Ian Howell on Mt Kenya; by Terry Burke (June 20th 1987)

Ian Howell on Mt Kenya; by Terry Burke (June 20th 1987)

It is with heavy hearts that we inform you that Ian Howell has passed away surrounded by family on November 26, 2018 in Bath, UK at the well-earned age of 82.

Ian pioneered many climbing routes in Kenya, including at Lukenya, Hell’s Gate, and Mt. Kenya. Astonishingly, he single-handedly built the bivouac hut on the summit of Nelion, in the process completing 13 solo ascents of Nelion in a few week period of 1970.

Longtime climbing partner Iain Allan writes: “He was a climbing force, such as we’ve never witnessed here before… I was privileged to share so many of these climbs with him.” Ian’s impact on Kenyan climbing was enormous and will continue to be felt for generations to come.

We are deeply indebted to Ian for his contributions to climbing in the country, and saddened by the loss to his family, his friends, and the MCK Community.

Please feel free to share stories or testimonies about Ian Howell below. We will keep this page on the MCK website.


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Julian Bedale from Kingston, Surrey, UK wrote on December 28, 2018:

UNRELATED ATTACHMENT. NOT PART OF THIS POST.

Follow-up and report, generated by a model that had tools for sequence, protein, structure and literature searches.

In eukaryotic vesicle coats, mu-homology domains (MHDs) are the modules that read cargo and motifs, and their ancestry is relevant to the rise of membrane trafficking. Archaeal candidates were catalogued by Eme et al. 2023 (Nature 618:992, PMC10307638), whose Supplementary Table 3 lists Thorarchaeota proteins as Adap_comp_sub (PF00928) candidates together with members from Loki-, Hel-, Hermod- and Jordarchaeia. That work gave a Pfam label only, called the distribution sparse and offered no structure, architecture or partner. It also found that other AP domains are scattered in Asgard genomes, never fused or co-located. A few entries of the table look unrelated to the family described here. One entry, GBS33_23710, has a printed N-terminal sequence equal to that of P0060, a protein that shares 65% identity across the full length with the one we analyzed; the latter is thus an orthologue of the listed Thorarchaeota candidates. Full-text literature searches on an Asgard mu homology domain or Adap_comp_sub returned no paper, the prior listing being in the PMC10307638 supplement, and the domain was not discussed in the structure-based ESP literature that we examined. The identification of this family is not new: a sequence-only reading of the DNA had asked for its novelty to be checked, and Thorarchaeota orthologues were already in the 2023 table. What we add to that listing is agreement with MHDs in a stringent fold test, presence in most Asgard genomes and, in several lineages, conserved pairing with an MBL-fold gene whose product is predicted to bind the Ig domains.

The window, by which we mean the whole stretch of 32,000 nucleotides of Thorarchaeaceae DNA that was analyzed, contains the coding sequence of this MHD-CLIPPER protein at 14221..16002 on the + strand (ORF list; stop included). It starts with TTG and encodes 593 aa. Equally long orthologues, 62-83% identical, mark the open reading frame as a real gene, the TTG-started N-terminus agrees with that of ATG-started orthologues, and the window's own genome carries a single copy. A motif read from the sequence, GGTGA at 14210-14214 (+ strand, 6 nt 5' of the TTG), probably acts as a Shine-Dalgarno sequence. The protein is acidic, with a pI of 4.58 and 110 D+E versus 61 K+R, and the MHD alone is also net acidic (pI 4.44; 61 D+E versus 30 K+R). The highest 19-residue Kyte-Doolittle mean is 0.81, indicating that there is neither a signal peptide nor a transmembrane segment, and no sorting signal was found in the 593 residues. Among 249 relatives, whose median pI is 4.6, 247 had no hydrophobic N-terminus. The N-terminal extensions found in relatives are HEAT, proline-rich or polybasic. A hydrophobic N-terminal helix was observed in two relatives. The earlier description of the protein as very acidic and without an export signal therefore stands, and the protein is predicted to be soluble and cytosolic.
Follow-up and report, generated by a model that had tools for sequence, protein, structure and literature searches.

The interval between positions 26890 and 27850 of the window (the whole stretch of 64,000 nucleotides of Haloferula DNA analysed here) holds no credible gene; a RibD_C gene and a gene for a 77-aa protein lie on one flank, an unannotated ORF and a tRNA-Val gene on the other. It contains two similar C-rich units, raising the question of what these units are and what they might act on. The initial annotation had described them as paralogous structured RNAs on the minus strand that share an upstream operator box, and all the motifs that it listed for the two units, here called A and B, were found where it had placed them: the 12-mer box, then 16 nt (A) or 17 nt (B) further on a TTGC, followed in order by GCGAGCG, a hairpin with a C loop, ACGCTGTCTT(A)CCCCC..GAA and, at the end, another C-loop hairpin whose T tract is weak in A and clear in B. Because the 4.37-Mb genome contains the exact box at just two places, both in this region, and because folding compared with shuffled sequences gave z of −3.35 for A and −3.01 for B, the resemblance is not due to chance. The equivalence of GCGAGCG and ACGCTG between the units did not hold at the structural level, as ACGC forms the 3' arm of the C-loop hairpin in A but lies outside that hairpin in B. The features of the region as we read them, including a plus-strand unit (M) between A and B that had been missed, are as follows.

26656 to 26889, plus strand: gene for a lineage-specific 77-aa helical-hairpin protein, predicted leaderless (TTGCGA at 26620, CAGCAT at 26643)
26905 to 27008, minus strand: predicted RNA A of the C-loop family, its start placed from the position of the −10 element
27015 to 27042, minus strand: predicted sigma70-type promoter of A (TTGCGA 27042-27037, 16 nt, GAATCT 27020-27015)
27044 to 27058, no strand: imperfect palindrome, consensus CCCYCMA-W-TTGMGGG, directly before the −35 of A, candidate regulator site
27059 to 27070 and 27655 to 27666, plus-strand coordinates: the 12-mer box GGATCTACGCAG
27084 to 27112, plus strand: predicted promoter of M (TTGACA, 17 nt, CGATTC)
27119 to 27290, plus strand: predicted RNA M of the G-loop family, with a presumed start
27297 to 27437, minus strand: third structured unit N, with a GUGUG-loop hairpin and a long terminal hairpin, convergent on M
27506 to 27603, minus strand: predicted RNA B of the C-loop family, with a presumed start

I was very sorry to learn yesterday of Ian's death a month ago.

My first contact with him was in 1999, after I had submitted an article to the MCKJ about the climbing history of the little-known East Face of Mawenzi. Ian very kindly got in touch with me about it, & then (even more kindly) sent me photocopies of the articles in the EA Standard of July 1968 about his expedition there. He certainly didn't have to go to the trouble of doing all this, but the fact that he did spoke volumes about the sort of person he was.

This expedition was probably one of Ian's more intrepid - & was certainly the one that most caught my imagination ! Its aim was to ascend the terrifying 7 mile long Great Barranco gorge (walls 2000+ ft sheer either side in the middle section, and its base only av 75 ft wide), & then climb the 5000 ft East Face from its head. Well, the expedition (which has never been repeated) was stopped half-way up the gorge by ever taller waterfalls & large pools of near-freezing water, but (more importantly) Ian (as its leader then aged only 32) got all his people in & out of this very dangerous place without mishap.

He & Roger Higgins as a substitute objective then made the first & only ascent of the East Face via the Middle Buttress between the two Barranco gorges. When showing me his slides of this climb in c 2001, Ian wryly mentioned the point where the Buttress narrowed to only 3 ft wide as it joined the East Face, with 3000 ft vertical drops either side !

Although we only actually met twice, he & I used to have regular lengthy phone calls about the EA mountains. He obviously knew Mt Kenya better than anyone alive, & was truly a worthy successor to Arthur Firmin at the very top level of EA climbers. The thing that struck me most, though, was his unfailing modesty, despite his many achievements - a true gentleman. My deepest sympathies to Ann & Sarah.